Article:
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Nicola Moore harvests vegetables from her community garden plot on Sept 28 2020.

Fred Lum/The Globe and Mail

Food insecurity has become an even greater crisis amid the pandemic, with far-reaching consequences for the growing number of Canadians who experience it, according to a new report from the non-profit Community Food Centres Canada (CFCC).

The report, published Tuesday, reveals that food insecurity is hurting Canadians' physical and mental health, social life and ability to find work.

“It’s not just about missing food – so material deprivation obviously leads to people not having enough money to buy food – but that lack of income and lack of being able to access food has huge ramifications in other parts of people’s lives,” said CFCC chief executive officer Nick Saul.

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Before the pandemic, an estimated 4.5 million Canadians experienced marginal, moderate and severe food insecurity, which CFCC defines as having inadequate or insecure access to food due to financial constraints. According to Statistics Canada data in May, 14.6 per cent of survey respondents, or one in seven people, reported experiencing measures of moderate to severe food insecurity, up from 10.5 per cent from results in 2017-18.

Valerie Tarasuk, a principal investigator of the Canadian food insecurity policy research team PROOF, who was not involved in the CFCC study, said that amounted to "a significant increase – an alarming increase.” With some provinces in the second wave of the pandemic, Dr. Tarasuk, a professor of nutritional sciences at the University of Toronto, added, “there’s nothing in the picture to make me think that the situation has gotten better.”

The CFCC report surveyed 561 individuals across the country who experience food insecurity. For 81 per cent of them, it has had a negative impact on their physical health. Many said they have trouble managing chronic health conditions, such as diabetes or heart disease, and some revealed they couldn’t take their prescription medications when they were out of food because they had to be taken with meals.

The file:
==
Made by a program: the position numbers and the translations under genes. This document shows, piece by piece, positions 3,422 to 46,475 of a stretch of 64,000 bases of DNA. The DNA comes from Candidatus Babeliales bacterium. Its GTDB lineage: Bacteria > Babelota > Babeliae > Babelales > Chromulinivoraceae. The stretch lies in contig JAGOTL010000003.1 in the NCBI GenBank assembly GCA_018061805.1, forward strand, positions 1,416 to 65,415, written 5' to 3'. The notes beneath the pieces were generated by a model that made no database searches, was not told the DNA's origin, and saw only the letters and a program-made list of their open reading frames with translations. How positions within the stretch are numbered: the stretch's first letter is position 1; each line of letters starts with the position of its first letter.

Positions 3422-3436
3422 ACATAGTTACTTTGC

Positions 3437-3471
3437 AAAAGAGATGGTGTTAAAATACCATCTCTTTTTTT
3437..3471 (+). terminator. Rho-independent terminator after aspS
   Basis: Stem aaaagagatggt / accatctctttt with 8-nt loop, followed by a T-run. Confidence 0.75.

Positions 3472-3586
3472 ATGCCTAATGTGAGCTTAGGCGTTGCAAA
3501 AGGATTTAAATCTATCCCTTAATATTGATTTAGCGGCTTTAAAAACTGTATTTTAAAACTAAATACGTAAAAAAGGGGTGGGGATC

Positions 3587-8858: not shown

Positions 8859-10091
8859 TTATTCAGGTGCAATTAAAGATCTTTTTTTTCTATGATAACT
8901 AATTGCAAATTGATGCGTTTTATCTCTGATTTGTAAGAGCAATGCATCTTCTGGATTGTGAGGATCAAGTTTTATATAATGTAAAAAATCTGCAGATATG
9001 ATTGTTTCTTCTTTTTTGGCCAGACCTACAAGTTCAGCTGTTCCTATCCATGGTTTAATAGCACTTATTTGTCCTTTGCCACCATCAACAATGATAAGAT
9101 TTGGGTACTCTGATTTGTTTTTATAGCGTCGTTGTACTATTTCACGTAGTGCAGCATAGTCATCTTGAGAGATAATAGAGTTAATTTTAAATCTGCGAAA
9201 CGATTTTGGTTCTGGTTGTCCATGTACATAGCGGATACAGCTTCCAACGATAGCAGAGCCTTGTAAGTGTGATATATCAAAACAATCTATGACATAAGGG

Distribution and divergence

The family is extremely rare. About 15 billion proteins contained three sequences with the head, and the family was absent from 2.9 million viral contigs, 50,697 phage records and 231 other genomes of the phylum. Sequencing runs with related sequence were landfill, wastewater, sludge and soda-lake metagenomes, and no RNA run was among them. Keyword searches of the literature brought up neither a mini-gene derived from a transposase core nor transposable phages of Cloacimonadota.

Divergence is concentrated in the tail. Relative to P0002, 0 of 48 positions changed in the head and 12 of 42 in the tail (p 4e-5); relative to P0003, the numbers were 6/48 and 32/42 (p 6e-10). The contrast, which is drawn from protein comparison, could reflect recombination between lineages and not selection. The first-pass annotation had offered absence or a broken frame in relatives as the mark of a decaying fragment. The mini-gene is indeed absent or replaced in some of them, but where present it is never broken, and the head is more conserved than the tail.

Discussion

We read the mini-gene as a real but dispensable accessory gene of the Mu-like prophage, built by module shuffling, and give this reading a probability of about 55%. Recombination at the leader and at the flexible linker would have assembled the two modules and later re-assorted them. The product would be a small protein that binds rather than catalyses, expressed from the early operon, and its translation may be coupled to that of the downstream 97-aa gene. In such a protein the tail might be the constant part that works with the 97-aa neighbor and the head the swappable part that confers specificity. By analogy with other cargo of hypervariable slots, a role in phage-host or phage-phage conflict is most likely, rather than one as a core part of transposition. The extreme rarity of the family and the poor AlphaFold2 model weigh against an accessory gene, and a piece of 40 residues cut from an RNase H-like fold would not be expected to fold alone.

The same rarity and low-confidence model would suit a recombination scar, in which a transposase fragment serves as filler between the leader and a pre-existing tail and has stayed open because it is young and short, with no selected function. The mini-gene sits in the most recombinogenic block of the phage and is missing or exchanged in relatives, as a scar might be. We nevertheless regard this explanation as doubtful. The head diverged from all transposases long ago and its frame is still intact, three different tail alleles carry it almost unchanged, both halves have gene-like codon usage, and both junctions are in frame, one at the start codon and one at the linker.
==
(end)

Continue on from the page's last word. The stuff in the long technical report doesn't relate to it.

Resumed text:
Seventy-nine per cent of respondents said it took a toll on their mental health, making them feel stressed, anxious and worried. Fifty-seven per cent said it hindered their ability to find and maintain work. Some reported lacking energy to look for jobs because they hadn’t eaten or because they were preoccupied with figuring out where their next meal would come from. Some also said they could not afford transportation, child care, job training and appropriate work attire.

For 58 per cent of respondents, food insecurity limited their ability to participate in social activities and community events.

Nicola Moore of Hamilton said she is constantly thinking about how to feed her family. She makes it a priority to ensure her children have a nutritious, balanced diet. But doing so can be very stressful, she said.

As a single parent of three children, Ms. Moore works as a singer and a peer advocate at the Hamilton Community Food Centre. Her budget allows for about $120 a week for groceries, half of which she spends on diapers and baby formula for her youngest child. While that doesn’t require her family to skip meals, it does mean Ms. Moore expends an enormous amount of energy weighing what she can buy, searching for sales, planning meals and growing her own food.

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“In general, I’m a joyful person, but I’m not happy about how I have to buy my groceries and I’m not happy about the quality of food that I might have to afford each week,” she said.

The CFCC report sets out policy recommendations that involve setting targets and improving measurements of food insecurity, enhancing income supports, boosting social programs and taking steps to ensure equitable access to food, as rates of food insecurity are particularly high among Northern communities and Black Canadians. Many of these recommendations echo those of a report from the Daily Bread Food Bank in July.

Dr. Tarasuk said the need to adopt evidence-based policies for tackling food insecurity is urgent; simply providing more funding to food banks and local food organizations won’t fix the problem.

“We need to see [the growing use of these food agencies] as a canary in a coal mine,” she said. “They’re a signal – and they’ve always been a signal – of what’s not working in Canada.”

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